World War II

This section covers my on-again, off-again love affair with WWII miniatures gaming.

Dogfight Gaming

In the 1990s, I started playing WWII aerial dogfight games with a locally published set of rules and 1/300 aircraft. The game was much simpler than the classic Mustangs & Messerschmitts and played much faster, but was ultimately still heavy on arithmetic and from a distance still looked like a field of tall poles.

In 2013 a few local gamers started playing a Check Your Six! campaign, and invited several of us to join in. That group became the South Bay Aces and is still playing (now on our fourth campaign), even after the untimely death of the founding gamer. The South Bay Aces play with 1/144 scale planes on telescoping antennas moving across a 3" hex grid. I was initially sceptical of 1/144 scale; tthe models can be expensive and very hard to find, but they are usually plastic which is very light and therefore very suitable to placing atop a 2'+ rod without excessive tippy-ness, and the models are just big enough to distract the eye from the field of poles holding them up.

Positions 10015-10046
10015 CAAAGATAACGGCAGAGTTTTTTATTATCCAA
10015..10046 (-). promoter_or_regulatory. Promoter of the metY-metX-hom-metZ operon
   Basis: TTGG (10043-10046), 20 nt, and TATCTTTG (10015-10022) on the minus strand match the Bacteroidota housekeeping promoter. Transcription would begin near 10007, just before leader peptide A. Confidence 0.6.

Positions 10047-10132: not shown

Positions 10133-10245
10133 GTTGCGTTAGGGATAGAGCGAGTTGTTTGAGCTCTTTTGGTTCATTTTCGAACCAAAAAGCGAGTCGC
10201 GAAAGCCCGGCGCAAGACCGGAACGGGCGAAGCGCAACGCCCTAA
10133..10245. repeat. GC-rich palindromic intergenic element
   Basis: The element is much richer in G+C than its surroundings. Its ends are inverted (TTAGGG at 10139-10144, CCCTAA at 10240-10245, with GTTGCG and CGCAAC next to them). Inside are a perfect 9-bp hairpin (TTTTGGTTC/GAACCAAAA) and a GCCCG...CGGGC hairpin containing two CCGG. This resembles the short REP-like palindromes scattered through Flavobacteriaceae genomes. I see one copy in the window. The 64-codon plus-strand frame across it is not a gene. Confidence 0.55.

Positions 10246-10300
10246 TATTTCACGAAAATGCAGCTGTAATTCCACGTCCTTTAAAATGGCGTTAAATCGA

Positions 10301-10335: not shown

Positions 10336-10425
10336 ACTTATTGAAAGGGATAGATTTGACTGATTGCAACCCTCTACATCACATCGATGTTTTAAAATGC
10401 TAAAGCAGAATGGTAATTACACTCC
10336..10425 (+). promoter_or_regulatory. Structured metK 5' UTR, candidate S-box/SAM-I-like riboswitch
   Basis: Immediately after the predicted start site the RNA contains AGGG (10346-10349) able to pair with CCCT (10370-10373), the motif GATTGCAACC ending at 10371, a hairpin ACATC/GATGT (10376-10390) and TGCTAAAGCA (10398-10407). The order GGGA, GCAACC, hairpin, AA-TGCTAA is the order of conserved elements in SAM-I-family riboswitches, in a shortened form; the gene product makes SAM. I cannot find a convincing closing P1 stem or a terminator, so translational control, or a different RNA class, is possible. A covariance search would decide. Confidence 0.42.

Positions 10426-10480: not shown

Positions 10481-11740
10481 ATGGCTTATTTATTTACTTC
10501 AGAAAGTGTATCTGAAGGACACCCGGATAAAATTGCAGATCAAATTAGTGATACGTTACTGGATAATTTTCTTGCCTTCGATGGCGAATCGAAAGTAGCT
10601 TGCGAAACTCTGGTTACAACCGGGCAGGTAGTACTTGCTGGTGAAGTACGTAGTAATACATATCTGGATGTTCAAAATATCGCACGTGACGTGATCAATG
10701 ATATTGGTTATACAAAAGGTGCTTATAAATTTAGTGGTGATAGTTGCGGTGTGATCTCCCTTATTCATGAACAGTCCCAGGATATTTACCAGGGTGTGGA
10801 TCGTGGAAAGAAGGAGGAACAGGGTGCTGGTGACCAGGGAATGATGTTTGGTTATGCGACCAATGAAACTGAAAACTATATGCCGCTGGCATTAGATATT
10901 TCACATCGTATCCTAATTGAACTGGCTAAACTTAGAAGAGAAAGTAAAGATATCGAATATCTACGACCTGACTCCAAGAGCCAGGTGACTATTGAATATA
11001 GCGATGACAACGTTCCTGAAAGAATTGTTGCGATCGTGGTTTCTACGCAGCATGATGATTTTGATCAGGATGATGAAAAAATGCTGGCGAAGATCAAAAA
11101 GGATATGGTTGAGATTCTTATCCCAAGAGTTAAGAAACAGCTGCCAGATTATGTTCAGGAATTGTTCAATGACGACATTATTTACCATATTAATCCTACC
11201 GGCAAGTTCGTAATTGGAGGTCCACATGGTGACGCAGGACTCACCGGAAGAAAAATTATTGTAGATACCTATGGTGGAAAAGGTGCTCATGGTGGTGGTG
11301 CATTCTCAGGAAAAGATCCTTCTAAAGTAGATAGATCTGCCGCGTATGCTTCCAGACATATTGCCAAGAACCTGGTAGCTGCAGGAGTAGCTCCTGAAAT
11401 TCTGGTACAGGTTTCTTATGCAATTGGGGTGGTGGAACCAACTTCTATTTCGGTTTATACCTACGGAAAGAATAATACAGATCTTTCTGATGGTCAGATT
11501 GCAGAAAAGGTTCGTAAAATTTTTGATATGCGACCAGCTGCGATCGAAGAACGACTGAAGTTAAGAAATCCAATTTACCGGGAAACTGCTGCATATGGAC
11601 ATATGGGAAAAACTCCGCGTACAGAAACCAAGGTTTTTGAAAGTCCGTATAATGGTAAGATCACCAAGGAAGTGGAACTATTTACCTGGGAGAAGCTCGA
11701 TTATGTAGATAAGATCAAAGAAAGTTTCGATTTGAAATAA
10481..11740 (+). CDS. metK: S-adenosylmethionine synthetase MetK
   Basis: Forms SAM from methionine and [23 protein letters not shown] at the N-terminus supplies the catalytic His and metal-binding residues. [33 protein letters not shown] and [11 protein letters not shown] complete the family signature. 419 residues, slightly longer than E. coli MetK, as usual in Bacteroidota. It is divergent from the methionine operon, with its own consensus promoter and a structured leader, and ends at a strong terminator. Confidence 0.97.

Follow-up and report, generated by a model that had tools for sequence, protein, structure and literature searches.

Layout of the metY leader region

Operational Gaming

I flirted with WWII operational land warfare for a few years in the early 2000s, trying rules like Spearhead, Panzer Korps, Operation Brevity, Great Battles of WWII (GBOWW2), Kampfgruppe Commander, and a few homebrew sets before losing interest. I still have a large microarmor collection in various stages of paint and basing waiting for me to get back to it. Since the world has largely moved on to larger scales for WWII gaming, I picked up most of this collection very cheaply, but in truth my main accomplishment was to move other peoples' unused junk into my storage space...

My favorite of the operational rules was Operation Brevity by Phil Yates (one of the Flames of War authors), which have long since disappeared from the Internet, but I have reposted it below for as long as Phil Yates will suffer it to exist.

I also thought GBOWW2 had promise and I have collected all three versions of it in print and PDF form. I really liked the careful attention to pacing, casualty rates, morale, and the inclusion of mechanisms for multi-day operations, though I felt the combat mechanisms seemed a bit too "tactical" for the scale of the game and needed further streamlining and abstraction.

I still have rules on my "try some day" list:
    KISS Rommel
    Division Commander
And of course, like most gamers, i have my own unfinished rules to try out someday...